Adam Zagoria covers basketball at all levels. He is the author of two books and an award-winning journalist whose articles have appeared in ESPN The Magazine, SLAM, Sheridan Hoops, Sports Illustrated, Basketball Times and in newspapers nationwide.
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Brooklyn native Malcolm Grant has chosen to play at Miami after recently asking for his release from Villanova.
The 6-foot, 175-pound Grant played at Paul Robeson High and then Winchendon (Mass.) Prep for one season, but did not receive the playing time he was hoping for under Villanova head coach Jay Wright.
Grant averaged 5.6 points and 1.4 assists in 29 games at Villanova, but saw his minutes decline after scoring a season-high 23 points in a loss against Rutgers.
Grant chose Miami, the first school to recruit him, over Vanderbilt, Michigan, UMass, Butler and VCU.
“Miami was the first school to call me and they met with him and we thought that was the best fit for him,” said Robeson coach Todd Myles.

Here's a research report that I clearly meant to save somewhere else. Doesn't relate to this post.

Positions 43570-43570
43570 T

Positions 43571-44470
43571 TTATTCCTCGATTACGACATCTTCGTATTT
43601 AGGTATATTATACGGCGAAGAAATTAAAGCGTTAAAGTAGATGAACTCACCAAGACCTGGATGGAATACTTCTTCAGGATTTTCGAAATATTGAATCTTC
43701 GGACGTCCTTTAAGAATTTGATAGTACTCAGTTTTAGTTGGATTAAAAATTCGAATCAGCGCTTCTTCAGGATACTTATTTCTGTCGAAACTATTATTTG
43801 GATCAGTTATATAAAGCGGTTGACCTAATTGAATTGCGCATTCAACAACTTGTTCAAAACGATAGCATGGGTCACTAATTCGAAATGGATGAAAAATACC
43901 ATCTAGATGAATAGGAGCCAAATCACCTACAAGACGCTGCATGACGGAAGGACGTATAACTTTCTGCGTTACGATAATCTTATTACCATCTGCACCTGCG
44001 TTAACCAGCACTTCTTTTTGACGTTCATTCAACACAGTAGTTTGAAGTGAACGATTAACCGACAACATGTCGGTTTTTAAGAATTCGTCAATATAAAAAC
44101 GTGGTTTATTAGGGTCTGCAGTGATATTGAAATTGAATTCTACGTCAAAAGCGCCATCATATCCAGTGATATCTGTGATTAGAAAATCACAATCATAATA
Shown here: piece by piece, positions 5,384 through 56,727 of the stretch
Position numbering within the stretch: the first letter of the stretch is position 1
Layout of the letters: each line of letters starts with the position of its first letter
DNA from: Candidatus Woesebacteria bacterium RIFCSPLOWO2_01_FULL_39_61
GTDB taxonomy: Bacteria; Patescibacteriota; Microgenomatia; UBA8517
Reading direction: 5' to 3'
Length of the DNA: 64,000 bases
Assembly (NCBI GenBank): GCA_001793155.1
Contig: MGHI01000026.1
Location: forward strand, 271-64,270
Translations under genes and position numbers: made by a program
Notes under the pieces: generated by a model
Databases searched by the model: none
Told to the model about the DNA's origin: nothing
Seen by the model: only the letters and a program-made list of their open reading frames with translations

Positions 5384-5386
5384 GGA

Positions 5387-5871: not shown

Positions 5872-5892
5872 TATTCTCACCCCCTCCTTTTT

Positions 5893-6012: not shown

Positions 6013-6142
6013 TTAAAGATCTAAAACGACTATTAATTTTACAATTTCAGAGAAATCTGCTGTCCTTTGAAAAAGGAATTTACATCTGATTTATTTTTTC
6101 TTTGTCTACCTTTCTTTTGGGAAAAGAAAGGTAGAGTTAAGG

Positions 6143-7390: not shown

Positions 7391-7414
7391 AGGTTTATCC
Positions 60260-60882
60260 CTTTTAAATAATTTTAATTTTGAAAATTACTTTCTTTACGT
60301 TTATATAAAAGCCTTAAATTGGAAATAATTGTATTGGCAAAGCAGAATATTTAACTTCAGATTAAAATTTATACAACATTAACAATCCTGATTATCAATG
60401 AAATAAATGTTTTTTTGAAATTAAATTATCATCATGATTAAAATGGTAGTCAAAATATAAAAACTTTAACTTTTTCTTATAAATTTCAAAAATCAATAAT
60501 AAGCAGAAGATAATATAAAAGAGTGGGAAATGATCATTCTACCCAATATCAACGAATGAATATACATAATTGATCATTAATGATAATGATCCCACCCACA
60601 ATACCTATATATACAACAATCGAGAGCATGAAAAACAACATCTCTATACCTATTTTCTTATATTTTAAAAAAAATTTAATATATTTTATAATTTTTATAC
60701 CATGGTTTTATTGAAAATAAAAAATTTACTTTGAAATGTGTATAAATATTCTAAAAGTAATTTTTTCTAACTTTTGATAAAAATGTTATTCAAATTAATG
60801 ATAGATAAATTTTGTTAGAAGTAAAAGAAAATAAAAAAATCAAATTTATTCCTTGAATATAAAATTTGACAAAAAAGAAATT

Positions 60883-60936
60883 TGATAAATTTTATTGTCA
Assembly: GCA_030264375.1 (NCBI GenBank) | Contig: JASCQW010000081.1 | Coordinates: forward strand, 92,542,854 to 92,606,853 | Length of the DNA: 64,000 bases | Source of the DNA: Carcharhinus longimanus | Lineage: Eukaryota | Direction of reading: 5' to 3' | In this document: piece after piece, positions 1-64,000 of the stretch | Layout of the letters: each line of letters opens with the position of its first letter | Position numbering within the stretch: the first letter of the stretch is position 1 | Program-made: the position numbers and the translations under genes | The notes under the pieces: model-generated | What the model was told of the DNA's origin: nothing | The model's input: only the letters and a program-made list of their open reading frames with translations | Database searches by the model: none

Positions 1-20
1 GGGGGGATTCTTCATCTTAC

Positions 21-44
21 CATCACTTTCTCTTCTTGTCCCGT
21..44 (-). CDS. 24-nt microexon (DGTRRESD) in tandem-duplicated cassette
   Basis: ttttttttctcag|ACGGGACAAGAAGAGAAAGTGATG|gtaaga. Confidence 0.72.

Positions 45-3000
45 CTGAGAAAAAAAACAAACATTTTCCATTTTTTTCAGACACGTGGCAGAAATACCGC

Myles said he thinks Grant will come back after a year off as per NCAA regulations and have a big year.
“I think Malcolm is a big-time player,” Myles said. “I coached him for a while. Going to a new school, sometimes a guy can either have a breakout year after sitting out or they can get upset and get down on themselves.
“He’s going to do what he has to do and work hard on the court and let this situation motivate him and have a great year after sitting out.”
Adam Zagoria is a Basketball Insider who covers basketball at all levels. A contributor to The New York Times and SportsNet New York (SNY), he is also the author of two books and is an award-winning journalist and filmmaker. His articles have appeared in ESPN The Magazine, SLAM, Sheridan Hoops, Basketball Times and in newspapers nationwide. He also won an Emmy award for his work on the SNY mini-documentary on Syracuse guard Tyus Battle.
A veteran Ultimate Frisbee player, he has competed in numerous National and World Championships and, perhaps more importantly, his teams won the Westchester Summer League (WSL) championships in 2011 and 2013.
He lives in Manhattan with his wife and children.